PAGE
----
Prayers around the sermon.
A "prayer for illumination" is commonly said before the readings and sermon asking the Lord to open and enlighten hearts and minds. Following the sermon an extended prayer, praying its sentiments home is appropriate by the preacher - especially if a lay person has led the intercessions.

The NT commands the singing of "psalms, hymns and spiritual songs." Psalms are difficult to sing with modern arrangements, but where possible it is good to include them as they are God's own worship book and cover topics and emotions other songs rarely cover. Otherwise, the best songs that are singable, reflect biblical truth, and that bring home the logic of the service should be chosen.

Scriptural songs.
Alongside the psalms, which might be sung, there are other scriptural songs of rich gospel truth that it is a shame for the church not to be edified by. They could be said by the leader, by the congregation, or by both antiphonally. The gloria is included as in God's providence it has had much prominence in church history and still does within the universal church.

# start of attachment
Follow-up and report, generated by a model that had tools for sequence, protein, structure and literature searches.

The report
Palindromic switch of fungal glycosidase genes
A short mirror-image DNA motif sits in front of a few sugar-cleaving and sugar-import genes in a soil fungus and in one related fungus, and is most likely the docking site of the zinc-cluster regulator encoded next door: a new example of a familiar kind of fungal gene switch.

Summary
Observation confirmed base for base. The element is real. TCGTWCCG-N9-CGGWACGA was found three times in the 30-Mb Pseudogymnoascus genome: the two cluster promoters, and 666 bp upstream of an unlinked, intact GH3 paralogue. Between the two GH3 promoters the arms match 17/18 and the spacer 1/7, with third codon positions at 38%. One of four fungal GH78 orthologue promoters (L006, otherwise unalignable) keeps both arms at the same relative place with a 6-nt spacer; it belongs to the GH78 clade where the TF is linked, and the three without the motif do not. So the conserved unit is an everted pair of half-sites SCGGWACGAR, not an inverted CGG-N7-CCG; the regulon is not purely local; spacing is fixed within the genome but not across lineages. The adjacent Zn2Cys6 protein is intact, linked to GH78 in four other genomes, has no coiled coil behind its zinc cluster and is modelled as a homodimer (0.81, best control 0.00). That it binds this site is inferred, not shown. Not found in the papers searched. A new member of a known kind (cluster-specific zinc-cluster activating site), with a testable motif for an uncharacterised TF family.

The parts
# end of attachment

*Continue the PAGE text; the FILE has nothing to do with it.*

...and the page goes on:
Open response.
This is a period when the congregation are encouraged to speak out pertinent Bible verses, or prayers of praise or intercession that the Holy Spirit might bring to mind. This flows most naturally from a song, interview, Bible reading or sermon. It is possible during this time that someone might speak out in tongues. The leader should ask if anyone has an interpretation, and if not, move on. Alternatively, someone might state God has told them something for the church. We think any prophecy would usually come via some visionary experience. But whatever moves someone to speak, the leader should encourage the congregation to weigh what is said, and ask the elders if they want to comment. As elders our conviction is that God may still grant the supernatural gifts described in the NT, but because their outpouring was a particular way of crediting the apostles as founders of the church, we cannot necessarily expect them to be as prevalent today as they were then.

These are an important sign of God's life at work in the church. The best place for them is when all adults are in so they are not missed, and in a way that doesn't disrupt the flow of engagement with God. We find placing them before prayers helpful as they can then be prayed for.

Hebrews 10v24-25 calls us to "encourage one-another." The interview can be a great help in this. As people share what the Lord has taught them or done for them, or how they are seeking to work out their faith, the congregation are challenged and instructed by their example. If people are given warning a time of open sharing could be included. But usually interviews need planning so that the interviewee can prepare what they say and make the most of the time. It is best to keep interviews short if there is a lot included in the rest of the service. The interviewee could be prayed for by the person leading the intercessions.

Other items.